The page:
I’m afraid it’s much worse than that. They believe patents are innovation: if you are innovating, you are getting patents, and (the contrapositive) if you are not getting patents, you are not innovating.

From the linked post:

E.U. leaders hope the single patent will be more attractive for inventors than the existing regime, which could help Europe catch up on its global competitors. In 2011, about 224,000 patents were granted in the United States and 172,000 in China, compared with just 62,000 in Europe.

Anonymous Coward says:

Re: Re: Re:

Politicians and business leaders have fallen for the measurement fallacy, if it is not measurable it doesn’t exist, and alo think that increases in the measured quantity represent increases in what it is meant to measure.
It is also difficult to sell to these groups that openess and cooperation are the best means of innovation, as they have a naturally competitive mind set.

Mike Masnick (profile) says:

Re: Re:

You might want to add some punctuation to that title. At first I read it as “EU Opens Itself Up To Massive Innovation, Hindering Patent Trolling” and was very surprised. After reading the article it becomes obvious you meant “EU Opens Itself Up To Massive, Innovation-Hindering Patent Trolling”.

Good point. Done and done.

Anonymous Coward says:

Well. Three things:

1. One of the overshadowing reasons for people to troll the patent system in USA is the damages awarded. In Europe damages are very small. The only reason to go to court is that the loosing side gets the bill for the case and a large fine. I highly doubt that these relatively small changes will make trolling viable in itself.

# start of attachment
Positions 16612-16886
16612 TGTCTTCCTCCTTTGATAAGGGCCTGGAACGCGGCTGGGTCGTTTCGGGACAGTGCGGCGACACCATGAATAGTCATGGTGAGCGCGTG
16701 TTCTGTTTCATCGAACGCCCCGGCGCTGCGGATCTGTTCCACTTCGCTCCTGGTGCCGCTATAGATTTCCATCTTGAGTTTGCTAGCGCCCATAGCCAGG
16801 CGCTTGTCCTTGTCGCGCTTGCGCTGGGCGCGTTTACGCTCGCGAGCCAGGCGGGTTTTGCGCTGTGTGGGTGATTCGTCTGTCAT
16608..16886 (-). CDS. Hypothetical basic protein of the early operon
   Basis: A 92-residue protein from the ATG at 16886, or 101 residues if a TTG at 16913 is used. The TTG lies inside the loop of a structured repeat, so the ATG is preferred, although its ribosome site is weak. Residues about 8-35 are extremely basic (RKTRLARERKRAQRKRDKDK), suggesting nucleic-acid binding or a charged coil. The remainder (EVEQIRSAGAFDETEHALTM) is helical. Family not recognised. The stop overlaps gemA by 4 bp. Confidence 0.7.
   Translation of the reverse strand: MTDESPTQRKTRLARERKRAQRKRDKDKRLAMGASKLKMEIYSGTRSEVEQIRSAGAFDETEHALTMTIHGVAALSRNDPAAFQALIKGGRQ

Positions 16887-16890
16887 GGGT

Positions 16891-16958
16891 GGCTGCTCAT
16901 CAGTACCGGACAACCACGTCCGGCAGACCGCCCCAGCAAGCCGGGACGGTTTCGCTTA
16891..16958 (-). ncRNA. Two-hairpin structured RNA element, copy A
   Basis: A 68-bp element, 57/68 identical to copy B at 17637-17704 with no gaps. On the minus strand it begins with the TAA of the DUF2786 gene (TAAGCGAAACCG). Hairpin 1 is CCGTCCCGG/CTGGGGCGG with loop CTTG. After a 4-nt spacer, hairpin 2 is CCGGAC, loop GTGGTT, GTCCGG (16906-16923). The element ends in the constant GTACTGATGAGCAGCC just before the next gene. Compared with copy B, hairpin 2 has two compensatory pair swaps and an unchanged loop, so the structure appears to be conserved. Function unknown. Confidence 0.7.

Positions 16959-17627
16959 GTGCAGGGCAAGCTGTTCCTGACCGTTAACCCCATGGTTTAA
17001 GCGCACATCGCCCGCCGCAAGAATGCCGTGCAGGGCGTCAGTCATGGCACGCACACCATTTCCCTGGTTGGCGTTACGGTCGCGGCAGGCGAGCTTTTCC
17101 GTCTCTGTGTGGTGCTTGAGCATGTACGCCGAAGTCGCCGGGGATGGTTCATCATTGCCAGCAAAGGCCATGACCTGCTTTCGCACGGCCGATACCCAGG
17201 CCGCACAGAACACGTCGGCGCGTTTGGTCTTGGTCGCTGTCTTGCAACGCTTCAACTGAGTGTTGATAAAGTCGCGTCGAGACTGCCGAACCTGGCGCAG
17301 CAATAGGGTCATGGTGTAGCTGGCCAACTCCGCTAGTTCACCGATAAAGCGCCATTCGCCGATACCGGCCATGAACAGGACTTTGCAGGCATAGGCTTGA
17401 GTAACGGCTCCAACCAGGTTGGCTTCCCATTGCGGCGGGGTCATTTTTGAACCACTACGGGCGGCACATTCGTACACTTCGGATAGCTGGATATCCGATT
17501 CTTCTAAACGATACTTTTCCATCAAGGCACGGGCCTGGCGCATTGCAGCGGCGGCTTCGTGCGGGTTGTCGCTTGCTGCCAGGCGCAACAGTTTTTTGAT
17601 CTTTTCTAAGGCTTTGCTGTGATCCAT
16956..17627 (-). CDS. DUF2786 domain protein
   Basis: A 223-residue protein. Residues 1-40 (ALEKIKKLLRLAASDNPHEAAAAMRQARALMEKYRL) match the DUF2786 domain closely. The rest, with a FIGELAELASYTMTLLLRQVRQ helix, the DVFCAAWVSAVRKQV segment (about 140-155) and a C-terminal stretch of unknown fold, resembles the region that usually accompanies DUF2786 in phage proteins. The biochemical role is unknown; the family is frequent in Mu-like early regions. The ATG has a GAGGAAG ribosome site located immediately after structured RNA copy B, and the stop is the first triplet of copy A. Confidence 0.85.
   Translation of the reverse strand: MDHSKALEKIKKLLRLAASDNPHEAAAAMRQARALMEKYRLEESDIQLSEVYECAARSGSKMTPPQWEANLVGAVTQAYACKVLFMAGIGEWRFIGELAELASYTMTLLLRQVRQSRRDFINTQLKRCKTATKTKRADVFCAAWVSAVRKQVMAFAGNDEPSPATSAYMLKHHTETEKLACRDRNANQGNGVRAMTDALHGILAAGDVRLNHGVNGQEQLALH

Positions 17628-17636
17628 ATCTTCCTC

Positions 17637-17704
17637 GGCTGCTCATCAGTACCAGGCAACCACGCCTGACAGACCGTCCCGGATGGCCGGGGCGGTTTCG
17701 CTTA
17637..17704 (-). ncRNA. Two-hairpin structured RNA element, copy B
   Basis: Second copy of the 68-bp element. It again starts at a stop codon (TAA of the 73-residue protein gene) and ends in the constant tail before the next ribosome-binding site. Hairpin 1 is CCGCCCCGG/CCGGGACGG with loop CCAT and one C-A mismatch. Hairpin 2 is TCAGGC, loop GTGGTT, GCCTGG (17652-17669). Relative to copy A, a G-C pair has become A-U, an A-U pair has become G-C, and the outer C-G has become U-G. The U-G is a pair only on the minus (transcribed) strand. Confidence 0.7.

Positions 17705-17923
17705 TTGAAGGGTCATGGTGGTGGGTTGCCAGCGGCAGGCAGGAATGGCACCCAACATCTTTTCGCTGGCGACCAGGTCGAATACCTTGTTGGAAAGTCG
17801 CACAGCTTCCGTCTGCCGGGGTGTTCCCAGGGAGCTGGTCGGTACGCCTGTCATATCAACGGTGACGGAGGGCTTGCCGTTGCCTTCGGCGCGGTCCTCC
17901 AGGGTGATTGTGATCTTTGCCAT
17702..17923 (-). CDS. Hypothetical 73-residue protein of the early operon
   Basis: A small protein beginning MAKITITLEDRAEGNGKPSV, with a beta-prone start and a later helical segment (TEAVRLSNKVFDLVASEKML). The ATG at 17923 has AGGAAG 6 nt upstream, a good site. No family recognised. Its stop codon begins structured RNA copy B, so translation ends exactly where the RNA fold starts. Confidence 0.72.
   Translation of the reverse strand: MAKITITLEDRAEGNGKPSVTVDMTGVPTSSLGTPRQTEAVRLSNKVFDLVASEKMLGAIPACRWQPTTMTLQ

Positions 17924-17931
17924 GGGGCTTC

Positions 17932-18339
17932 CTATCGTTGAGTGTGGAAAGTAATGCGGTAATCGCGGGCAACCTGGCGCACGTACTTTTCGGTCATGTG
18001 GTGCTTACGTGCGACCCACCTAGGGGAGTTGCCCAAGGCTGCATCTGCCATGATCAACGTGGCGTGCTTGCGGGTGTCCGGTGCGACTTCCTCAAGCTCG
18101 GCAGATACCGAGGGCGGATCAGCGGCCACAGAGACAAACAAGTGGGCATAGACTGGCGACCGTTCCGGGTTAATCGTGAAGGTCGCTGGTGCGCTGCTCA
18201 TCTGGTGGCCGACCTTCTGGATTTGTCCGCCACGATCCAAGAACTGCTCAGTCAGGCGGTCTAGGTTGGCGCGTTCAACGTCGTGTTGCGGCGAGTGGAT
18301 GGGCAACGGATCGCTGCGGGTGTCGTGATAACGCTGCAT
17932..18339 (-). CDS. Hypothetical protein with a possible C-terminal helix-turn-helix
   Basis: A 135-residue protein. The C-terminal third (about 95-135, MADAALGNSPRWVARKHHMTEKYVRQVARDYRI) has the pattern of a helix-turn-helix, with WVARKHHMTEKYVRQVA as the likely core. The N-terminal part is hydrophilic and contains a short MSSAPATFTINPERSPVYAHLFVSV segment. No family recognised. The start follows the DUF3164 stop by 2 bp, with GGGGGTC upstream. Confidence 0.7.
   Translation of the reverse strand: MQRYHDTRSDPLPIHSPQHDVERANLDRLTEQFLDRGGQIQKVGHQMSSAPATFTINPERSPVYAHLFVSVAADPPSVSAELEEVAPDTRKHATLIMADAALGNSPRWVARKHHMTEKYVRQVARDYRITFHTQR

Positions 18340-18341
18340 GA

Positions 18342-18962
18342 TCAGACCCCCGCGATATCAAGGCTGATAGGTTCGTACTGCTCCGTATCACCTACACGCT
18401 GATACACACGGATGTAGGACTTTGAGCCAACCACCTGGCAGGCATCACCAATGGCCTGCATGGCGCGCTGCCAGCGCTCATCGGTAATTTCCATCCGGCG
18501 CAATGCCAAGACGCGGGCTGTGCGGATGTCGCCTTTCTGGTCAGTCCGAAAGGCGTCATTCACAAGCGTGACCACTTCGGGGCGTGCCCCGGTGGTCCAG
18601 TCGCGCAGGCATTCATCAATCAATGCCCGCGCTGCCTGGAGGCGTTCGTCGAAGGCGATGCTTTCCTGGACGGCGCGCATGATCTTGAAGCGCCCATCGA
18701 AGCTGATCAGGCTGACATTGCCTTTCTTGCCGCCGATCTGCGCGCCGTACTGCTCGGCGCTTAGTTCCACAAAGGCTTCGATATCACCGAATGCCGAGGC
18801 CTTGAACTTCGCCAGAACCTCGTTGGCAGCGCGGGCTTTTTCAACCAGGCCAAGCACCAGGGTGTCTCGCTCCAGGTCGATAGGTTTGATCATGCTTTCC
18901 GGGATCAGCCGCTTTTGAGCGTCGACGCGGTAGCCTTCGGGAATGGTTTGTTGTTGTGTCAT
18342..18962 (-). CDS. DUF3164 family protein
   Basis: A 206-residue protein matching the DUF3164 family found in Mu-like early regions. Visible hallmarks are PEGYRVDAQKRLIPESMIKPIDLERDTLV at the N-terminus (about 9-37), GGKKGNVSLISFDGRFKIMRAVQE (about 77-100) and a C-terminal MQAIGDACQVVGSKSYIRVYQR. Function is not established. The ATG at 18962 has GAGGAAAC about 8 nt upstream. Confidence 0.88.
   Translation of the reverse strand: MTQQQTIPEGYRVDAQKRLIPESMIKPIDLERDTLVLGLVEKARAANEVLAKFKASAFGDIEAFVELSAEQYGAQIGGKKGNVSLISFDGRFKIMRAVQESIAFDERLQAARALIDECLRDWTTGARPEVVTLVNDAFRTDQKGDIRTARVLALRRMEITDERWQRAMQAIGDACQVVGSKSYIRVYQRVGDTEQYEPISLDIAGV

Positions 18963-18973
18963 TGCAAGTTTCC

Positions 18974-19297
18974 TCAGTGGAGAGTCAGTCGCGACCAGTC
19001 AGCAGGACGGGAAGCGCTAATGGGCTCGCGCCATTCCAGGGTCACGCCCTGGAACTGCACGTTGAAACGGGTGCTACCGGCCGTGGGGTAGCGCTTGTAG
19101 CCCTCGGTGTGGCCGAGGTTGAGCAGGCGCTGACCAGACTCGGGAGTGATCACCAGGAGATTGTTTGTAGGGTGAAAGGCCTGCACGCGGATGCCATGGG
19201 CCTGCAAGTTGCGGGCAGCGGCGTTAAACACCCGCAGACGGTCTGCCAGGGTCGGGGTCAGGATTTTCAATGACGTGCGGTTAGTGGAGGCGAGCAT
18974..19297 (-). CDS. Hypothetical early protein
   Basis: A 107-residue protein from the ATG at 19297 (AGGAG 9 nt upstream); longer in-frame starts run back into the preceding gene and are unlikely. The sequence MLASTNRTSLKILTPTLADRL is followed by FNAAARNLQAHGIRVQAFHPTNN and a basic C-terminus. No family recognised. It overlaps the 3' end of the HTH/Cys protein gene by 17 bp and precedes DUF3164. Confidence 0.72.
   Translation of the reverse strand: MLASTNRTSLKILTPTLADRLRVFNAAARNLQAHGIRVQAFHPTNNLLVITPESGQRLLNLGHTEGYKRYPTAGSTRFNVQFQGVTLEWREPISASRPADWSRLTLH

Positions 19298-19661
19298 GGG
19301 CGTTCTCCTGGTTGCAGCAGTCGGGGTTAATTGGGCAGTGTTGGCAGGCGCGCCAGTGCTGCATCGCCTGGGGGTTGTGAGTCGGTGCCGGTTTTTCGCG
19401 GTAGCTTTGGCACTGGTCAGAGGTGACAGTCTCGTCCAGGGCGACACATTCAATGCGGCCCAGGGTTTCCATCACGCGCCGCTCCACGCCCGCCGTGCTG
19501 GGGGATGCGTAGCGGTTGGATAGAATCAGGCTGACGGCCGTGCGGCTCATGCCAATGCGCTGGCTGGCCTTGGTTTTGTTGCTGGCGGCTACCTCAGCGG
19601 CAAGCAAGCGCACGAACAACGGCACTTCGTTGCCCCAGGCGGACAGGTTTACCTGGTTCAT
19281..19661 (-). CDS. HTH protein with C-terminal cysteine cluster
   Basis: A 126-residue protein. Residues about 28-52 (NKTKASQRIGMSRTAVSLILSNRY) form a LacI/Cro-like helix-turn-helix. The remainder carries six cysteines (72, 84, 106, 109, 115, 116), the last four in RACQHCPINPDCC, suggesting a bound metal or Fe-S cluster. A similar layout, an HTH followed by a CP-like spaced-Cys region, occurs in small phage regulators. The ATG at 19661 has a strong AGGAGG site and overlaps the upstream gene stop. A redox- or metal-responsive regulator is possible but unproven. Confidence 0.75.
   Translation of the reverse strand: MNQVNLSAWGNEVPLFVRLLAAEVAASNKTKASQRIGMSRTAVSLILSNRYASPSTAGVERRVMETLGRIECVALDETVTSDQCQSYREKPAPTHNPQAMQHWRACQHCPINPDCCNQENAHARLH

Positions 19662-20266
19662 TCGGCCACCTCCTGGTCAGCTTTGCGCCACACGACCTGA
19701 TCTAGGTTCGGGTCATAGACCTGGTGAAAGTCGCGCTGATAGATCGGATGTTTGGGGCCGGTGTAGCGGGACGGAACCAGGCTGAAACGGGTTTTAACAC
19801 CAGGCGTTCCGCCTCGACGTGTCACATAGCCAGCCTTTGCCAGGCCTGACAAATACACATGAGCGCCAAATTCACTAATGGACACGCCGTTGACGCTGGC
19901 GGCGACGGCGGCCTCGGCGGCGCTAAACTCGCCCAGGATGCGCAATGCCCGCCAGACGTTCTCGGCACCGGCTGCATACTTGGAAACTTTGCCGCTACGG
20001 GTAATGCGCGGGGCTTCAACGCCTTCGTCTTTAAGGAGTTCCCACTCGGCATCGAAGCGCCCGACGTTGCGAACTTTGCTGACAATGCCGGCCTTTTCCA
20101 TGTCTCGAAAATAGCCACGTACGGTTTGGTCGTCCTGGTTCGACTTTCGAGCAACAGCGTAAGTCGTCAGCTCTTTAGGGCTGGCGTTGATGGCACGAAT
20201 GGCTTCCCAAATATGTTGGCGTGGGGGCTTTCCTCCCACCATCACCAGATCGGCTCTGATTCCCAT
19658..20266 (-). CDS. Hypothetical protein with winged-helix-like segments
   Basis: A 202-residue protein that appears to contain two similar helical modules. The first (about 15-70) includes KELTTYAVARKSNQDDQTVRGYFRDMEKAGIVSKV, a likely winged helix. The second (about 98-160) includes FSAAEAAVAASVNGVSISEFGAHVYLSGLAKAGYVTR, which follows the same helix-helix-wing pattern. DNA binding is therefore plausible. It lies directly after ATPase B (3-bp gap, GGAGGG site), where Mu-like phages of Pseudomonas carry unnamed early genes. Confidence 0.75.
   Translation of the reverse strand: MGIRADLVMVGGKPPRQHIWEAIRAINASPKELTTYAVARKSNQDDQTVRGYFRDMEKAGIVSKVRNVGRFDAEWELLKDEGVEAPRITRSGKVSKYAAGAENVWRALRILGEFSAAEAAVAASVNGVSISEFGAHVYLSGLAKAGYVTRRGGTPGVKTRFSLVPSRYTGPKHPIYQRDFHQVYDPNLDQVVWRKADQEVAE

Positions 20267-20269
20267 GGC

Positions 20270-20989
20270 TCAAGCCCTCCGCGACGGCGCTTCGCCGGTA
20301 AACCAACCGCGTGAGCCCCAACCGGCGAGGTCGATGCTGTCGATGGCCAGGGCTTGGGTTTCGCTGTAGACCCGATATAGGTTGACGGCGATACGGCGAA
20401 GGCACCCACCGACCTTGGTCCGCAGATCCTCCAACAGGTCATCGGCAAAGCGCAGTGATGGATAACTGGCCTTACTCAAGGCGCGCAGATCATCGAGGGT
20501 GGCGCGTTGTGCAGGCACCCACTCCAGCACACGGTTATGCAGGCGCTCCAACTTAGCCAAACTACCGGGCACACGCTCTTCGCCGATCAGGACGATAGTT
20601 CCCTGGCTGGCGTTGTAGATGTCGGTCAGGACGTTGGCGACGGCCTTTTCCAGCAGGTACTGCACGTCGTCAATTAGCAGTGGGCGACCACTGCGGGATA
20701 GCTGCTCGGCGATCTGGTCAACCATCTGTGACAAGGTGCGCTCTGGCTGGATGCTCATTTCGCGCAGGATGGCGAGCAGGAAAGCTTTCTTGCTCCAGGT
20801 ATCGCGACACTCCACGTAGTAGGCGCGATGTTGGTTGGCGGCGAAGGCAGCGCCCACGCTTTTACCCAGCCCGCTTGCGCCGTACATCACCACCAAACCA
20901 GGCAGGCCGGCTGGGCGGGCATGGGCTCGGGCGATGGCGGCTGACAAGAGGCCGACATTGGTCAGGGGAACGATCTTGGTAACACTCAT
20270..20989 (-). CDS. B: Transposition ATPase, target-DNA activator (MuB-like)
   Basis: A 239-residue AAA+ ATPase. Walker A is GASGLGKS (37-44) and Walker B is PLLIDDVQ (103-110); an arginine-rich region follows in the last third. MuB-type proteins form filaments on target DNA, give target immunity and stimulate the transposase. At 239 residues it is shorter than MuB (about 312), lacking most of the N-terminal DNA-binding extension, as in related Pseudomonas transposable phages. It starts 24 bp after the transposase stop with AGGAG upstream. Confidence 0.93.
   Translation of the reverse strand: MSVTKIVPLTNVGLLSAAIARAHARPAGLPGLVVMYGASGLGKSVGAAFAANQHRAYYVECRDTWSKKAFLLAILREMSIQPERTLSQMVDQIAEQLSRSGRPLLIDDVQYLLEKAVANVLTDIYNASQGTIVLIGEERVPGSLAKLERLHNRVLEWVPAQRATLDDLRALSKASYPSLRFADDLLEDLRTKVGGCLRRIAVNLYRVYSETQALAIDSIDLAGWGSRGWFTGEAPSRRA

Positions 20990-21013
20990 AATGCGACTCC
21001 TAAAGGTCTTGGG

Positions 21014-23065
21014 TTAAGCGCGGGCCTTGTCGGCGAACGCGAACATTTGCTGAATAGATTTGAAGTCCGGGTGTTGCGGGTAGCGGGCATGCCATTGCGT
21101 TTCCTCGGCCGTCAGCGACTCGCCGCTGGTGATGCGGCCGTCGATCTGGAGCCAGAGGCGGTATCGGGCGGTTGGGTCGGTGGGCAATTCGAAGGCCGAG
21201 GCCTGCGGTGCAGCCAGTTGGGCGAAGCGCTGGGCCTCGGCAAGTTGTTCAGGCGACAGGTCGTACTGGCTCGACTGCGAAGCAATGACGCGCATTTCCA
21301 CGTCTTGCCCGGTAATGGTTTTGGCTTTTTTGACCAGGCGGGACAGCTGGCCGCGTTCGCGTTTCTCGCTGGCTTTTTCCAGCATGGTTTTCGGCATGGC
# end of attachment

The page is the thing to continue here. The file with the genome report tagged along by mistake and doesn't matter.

2. It is a complex area to reach a concensus on. That Germany and Great Britain have had so much say in it is troubling. In the end it seems more like a compromise prepared from the right wing parties. It really doesn’t look like a reasonable compromise seen from the left wings side.

3. We are moving towards national approval. In many countries that will mean a parliamentary approval, but it has been determined that at least Denmark and probably others will need a popular vote on the issue. It is a very far-reaching issue in Denmark needing a yes from 50 % of the people with voting rights to pass, meaning that given a ~82 % participation, there needs to be about 60 % voting yes. It happened with a very small margin when our constitution was changed, but I highly doubt that will happen again since the anti-software patent movement is extremely strong among IT-professionals and even the media have brought several negative stories on it.

The last word is not even close to having been said about this issue.

Anonymous Coward says:

Re: Re:

There are a few exceptions to software patents in article 5 and 6 of: , which basically boils down to the wishy washy:

“The authorization of the rightholder shall not be required where reproduction of the code and translation of its form within the meaning of Article 4 (a) and (b)(red: articles demanding approval from rightholder to do anything with the code basically) are indispensable to obtain the information necessary to achieve the interoperability of an independently created computer program with other programs”

That part is being talked up by defenders of the agreement as a protection against overreaching software patents. In the end it is not even close to true.